Limitations on load participation in the future nodal market
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Limitations on Load Participation in the Future Nodal Market. PUCT Demand Response Workshop (Project No. 32853) Jay Zarnikau Frontier Associates January 2007. Outline. How will we know what the price is? Problems introduced by the RUC Capacity Short Charge.

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Limitations on Load Participation in the Future Nodal Market

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Limitations on load participation in the future nodal market

Limitations on Load Participation in the Future Nodal Market

PUCT Demand Response Workshop (Project No. 32853)

Jay Zarnikau

Frontier Associates

January 2007


Outline

Outline

  • How will we know what the price is?

  • Problems introduced by the RUC Capacity Short Charge


The need for advanced price information

The Need for Advanced Price Information

  • Presently, balancing energy prices are announced to the market 10 or 15 minutes in advance of a 15-minute interval.

  • In the future nodal market, there will be no advance notice of real-time prices.

  • How can loads respond to real-time prices if they aren’t given price information?


Questions for ercot

Questions for ERCOT

  • When will zonal price information be available?

  • We know that nodal prices will be available at the start of a 5-minute SCED interval. And a particular SCED interval may start 5 or 10 minutes into a settlement interval. But when will they be averaged and reported to the market on a zonal basis?


Will the dam help

Will the DAM Help?

  • While the Day-Ahead Market (DAM) may provide some indication of real-time prices, a lot of things can happen between the close of the DAM and real-time that could affect real-time prices. For example:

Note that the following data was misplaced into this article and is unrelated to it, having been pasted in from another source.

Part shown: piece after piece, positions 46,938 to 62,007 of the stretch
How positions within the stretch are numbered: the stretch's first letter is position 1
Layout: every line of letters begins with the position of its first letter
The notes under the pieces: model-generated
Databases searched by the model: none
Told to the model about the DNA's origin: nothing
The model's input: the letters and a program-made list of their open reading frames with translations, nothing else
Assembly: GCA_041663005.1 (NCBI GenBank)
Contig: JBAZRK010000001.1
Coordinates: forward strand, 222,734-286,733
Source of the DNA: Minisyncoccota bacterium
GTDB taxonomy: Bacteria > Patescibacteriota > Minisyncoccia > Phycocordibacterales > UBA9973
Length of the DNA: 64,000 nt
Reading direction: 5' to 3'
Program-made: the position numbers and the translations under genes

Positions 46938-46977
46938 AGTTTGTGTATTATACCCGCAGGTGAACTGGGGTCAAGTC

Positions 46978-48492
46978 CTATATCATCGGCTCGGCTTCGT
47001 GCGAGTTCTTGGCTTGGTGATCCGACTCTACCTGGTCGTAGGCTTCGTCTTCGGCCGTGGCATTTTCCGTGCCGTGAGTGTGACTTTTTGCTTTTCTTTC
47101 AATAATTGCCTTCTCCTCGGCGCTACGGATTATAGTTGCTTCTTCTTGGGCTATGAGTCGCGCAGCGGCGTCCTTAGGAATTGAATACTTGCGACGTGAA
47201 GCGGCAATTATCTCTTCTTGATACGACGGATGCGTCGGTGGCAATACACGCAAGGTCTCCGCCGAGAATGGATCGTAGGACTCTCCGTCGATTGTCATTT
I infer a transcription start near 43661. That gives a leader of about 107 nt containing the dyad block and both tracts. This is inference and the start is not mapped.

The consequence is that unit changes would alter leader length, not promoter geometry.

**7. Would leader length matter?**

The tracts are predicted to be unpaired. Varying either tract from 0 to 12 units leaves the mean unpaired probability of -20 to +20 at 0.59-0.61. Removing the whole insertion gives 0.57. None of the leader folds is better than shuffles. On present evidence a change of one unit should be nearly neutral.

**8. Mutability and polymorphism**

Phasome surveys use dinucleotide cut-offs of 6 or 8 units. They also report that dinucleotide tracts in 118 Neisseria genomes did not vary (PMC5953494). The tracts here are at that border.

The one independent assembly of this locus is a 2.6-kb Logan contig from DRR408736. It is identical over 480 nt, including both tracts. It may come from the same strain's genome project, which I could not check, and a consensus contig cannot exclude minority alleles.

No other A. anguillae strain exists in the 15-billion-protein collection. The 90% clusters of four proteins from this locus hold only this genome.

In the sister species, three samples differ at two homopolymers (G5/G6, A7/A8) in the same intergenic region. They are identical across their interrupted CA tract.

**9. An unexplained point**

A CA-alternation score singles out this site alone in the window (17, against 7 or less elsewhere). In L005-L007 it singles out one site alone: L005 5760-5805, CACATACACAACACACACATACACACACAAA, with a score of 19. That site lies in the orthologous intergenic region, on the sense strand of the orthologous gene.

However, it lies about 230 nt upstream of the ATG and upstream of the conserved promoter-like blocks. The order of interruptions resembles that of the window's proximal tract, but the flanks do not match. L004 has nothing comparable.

• Weather may differ from the day-ahead forecast

    • Generating units may become unavailable

    • Load may be higher than forecast

  • Thus, I have doubts whether the DAM prices will be an accurate indicator of real-time prices.

  • And isn’t real-time response as important (if not more important) than day-ahead demand response?


Topics for discussion

Topics for Discussion

  • How can we provide loads with advanced notice of zonal prices?

  • Should we try to provide at least nodal prices to loads that agree to be settled on nodal prices?

  • Will (non-binding) forecasts of real-time zonal prices help?

  • How will power plants with “ramping time” requirements be provided with advance notice of dispatch instructions? Is there an analogous problem there?

  • Should price responsive loads be settled based on 5-minute SCED intervals, rather than 15-minute intervals (which might address part of the problem).


The ruc capacity short charge

The RUC Capacity Short Charge

  • This is intended as a penalty to discourage REPs from going into the market with insufficient capacity.

  • A QSE that fails to arrange a sufficient supply of electricity through the DAM or bilateral contracts risks a penalty in the RUC process.

  • No load can perfectly anticipate its load level.

  • Thus, loads will be unexpectedly long or short at various times.

  • The amount of any RUC penalty is not known in advance.


The ruc capacity short charge1

The RUC Capacity Short Charge

  • Consequently, this charge will discourage consumers from relying upon tomorrow’s analog to today’s “MCPE Products.”

  • If consumers “go long” in order to minimize the risk of RUC Capacity Short Charges, then they may have little motivation to respond to real-time prices.


Proposal

Proposal

  • Create a program which:

    • Insulates price-responsive loads from the RUC Capacity Short Charge

    • Provide a payments to program participants

    • In return, participants are required to curtail at certain price points

    • The ISO uses this information regarding the amount of load that will curtail at each price point to assist in system operations (perhaps it could be used in SCED and RUC runs)

  • This is consistent with the idea of priority pricing


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